Will Information Technology Really Turn Organizations Upside Down This Time?

SUMMING UP

Do not read too much into a possible relationship between the development of information technology and the incidence of “upside-down” management. That’s the overwhelming message from responses to the column raising questions about the possible connection between the two.

First, as Greg Waldrip points out, let’s get things in perspective. These are only means to carry out a strategy after goals are determined, all in a supportive management environment. Dennis Crane concurs, adding that “Information technology should only turn businesses upside down when they’ve already determined that there’s some truly fundamental reason to do so.”

Some question whether the “upside down” organization is an idea whose time has come. David Koltermann warns, “The potential revolution to turn management upside down is overstated… In the marketplace of ideas, inhabited by academics and consultants …personal advancement may be better served by being provocative than by being right.”

Others question the importance of the linkage between information technology and the shape of the organization. Allen Roberts suggests that the latter is just one of many potential impacts of information technology, implying that it may not be the most important.

For any of this to have a high degree of relevance, however, depends on other factors in the view of respondents. As John Ladge states, “I know first-hand that it can work, but it really depends on the culture of the organization.” Waldrup puts it more strongly: “Providing more information without creating an atmosphere that allows people to use their judgement will only cause failure.”

Still others pointed out that information technology is most often used in the context of “medium risk, medium gain scenarios like credit card processing, market forecasting, etc.” in Shankar Avsb’s words. He suggests that information technology will play a major part in remolding organizations for only a few, but that “possibly, these would be organizations poised to become the new market leaders.”

Even if many things have to happen before fundamental organizational changes occur, it still leaves us with questions: Is this kind of change worth pursuing? If so, what changes in information technology and policies of disseminating its products will be required? If the process is a long one, is it even practical to begin it in organizations with “continuity-challenged” leadership? Is there any real purpose served by academics in continuing to spread the word about upside down management and preparing potential managers for its possible emergence? What do you think?

ORIGINAL ARTICLE

Periodically, somebody comes up with the idea of turning the organization upside down, with the customer on top. Those serving customers in the frontline come next, and top management winds up at the bottom. It’s eye-catching and too often grossly out of step with what really happens when organizations employ the concept.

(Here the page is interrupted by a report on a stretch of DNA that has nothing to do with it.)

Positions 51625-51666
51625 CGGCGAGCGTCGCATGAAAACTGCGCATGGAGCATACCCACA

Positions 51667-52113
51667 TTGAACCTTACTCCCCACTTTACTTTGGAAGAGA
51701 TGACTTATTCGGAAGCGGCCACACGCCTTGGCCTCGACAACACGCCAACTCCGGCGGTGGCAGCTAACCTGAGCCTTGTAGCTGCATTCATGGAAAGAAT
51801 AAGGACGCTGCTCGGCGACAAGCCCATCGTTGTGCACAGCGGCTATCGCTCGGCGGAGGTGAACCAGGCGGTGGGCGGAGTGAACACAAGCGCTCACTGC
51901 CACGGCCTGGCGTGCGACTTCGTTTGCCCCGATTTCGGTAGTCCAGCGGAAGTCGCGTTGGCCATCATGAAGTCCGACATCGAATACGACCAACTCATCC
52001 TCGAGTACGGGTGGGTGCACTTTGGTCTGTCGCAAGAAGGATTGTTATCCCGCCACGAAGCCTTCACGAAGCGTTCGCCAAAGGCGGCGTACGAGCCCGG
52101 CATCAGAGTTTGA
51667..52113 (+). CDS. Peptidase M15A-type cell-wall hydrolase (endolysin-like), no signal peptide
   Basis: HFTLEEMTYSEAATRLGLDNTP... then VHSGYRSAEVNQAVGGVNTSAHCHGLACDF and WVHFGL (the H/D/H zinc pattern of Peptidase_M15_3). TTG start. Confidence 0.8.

Now we learn that the Army is experimenting with satellite-driven information technology that enables a tank commander to have a full view of the battlefield, including the positions of both friendly and enemy tanks. Armed with this knowledge, the best tank operators can make better, more timely decisions than their superiors—but only under certain conditions. First, frontline tank commanders have to have the intelligence and judgement to sort through a heavy load of information that is changing in real time (not unlike the best video game players). Second, the technology has to operate dependably, a problem in combat. And third and most significant, superiors have to be willing to delegate such decisions to frontliners. As a result, there have been as many spectacular failures as successes in military tests of the technology. In fact, the implementation of information technology generally has been quite disappointing to the “fighting bottom line” in the modern Army to date.

But let’s suppose that all three of these barriers eventually are overcome. What will it mean for the traditional hierarchical military chain of command? Or for business?

For years, W. Edwards Deming, the father of modern continuous quality improvement, had trouble convincing U.S. (as opposed to Japanese) auto manufacturers to implement the keys to improved quality. They include, among other things, improved information, training to improve quality, and delegating authority to frontline production workers to shut down a billion-dollar production line in the interests of quality improvement. More recently, Gary Hamel, in his book Leading the Revolution, has talked of putting such information to use in encouraging people at all levels of an organization to come up with new business ideas and advance them within the company.

If there is a common theme here, it is that information technologies, combined with proper selection, training, and the willingness of managers to rethink their jobs, have the potential for literally turning organizations upside down, changing forever what we have thought of as the role of management, if not leadership. But will it happen, given what the Army has found?